Showing posts from November, 2021

Huge Norwegian Forest Cat the size of a large Maine Coon

On average, the Norwegian Forest Cat (NFC) is smaller than the Maine Coon but there are exceptions and this is one of them. Not all MCs are larger than NFCs. This TikTok video illustrates the point. This NFC is very classic in terms of 'type' meaning desired appearance as per the breed standard. Super appearance. Huge Norwegian Forest Cat the size of a large Maine Coon. Image: MikeB from screenshots. Here is the video. For me it is a bit irritating because of the soundtrack. Horrible for me. But the point is made about size. This is a great NFC. A classic in terms of coat: a grey tabby-and-white. It is his size which is untypical for this breed although they are one of the largest domestic cat breeds challenging the supremacy of the Maine Coon sometimes .

Norwegian Forest Cat's head should be an 'equilateral triangle'

The terminology of the breed standards of the purebred cats can be slightly mystifying to outsiders. I know that when I first read the cat association breed standards they looked a bit odd to me. I'm now used to reading them. The breed standard of the Norwegian Forest Cat (NFC) states quite unequivocally that the head should be an equilateral triangle "where all sides are of equal length as measured from the outside of the base of the ear to the point of the chin".  In that vein, I have superimposed a red equilateral triangle over the face of an NFC to illustrate what this means. Norwegian Forest Cat head should be an equilateral triangle. Illustration: MikeB based on an image in the public domain. In case you were wondering, an "equilateral triangle" means a triangle in which all three sides are of equal length. I think this aspect of this cat's face is very important. It is a factor which distinguishes it from a similar-looking purebred cat, the Maine Coo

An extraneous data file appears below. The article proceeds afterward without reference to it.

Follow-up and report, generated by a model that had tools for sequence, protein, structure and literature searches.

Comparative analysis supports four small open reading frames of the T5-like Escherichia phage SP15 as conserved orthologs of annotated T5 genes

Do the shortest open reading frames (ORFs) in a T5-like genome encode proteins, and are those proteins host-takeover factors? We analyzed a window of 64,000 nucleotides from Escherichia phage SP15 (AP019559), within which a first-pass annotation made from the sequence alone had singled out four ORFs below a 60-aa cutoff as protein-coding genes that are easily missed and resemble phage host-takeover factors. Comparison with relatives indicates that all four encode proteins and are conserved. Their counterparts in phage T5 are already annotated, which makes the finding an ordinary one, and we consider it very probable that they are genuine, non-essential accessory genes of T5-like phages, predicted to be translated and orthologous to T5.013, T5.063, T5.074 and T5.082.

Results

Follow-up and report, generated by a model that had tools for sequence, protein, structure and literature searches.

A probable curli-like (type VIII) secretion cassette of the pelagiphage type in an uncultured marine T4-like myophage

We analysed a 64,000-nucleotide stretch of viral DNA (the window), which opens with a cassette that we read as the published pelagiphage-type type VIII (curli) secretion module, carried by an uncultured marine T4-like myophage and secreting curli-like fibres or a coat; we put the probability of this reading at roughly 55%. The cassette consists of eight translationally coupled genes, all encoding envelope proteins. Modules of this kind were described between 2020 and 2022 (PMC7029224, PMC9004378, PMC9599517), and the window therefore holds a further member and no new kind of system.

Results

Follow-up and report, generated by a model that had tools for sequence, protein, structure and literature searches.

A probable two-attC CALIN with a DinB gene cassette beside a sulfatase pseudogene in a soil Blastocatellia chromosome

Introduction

Are Norwegian Forest Cats vocal?

This, I believe, is a difficult question to answer with precision because even within a cat breed there will naturally be variations between individual cats as to their character and behaviour and temperament et cetera. My reference work which I go to on this kind of topic is Legacy of the Cat by Gloria Stephens who is a former show judge and who knows the business very well. She is clearly imbued with all aspects of the cat fancy. And I will, therefore, quote her verbatim if I may as follows: "They are by nature free thinking, yet because they have been domesticated, they remain extraordinarily astute, affectionate and loving. They are usually very quiet , so it may be difficult to know when the female is in season. Most are not interested in playing games but will quietly watch other cats at play. These cats are intelligent, dependable and sensible." On that appraisal, I cannot say that the Norwegian Forest Cat is vocal. Quite the opposite in fact according to Gloria Steph

Are Norwegian Forest Cats hypoallergenic?

I'm afraid not. First things first. The word "hypoallergenic" means in this context a cat which is less likely to produce an allergic reaction in a person. The word does not mean that a cat will produce no reaction at all times. It is more nuanced than that.  Norwegian Forest Cat kittens. And secondly, you probably know that the allergen which causes the allergic reaction in people is called Fel D1 and it is contained in the saliva of the cat . All domestic cats have it. It is highly unfortunate that they have because about 10% of the human population are predisposed to an allergic reaction to the domestic cat. ASSOCIATED PAGE:  Some individual cats are hypoallergenic for Fel d1 However, the Norwegian Forest Cat is just like any other domestic cat in this regard. And why not? There has been a lot of discussion about preventing an allergic reaction in people because it stops good people adopting a cat. Although, many people who are allergic to domestic cats live with on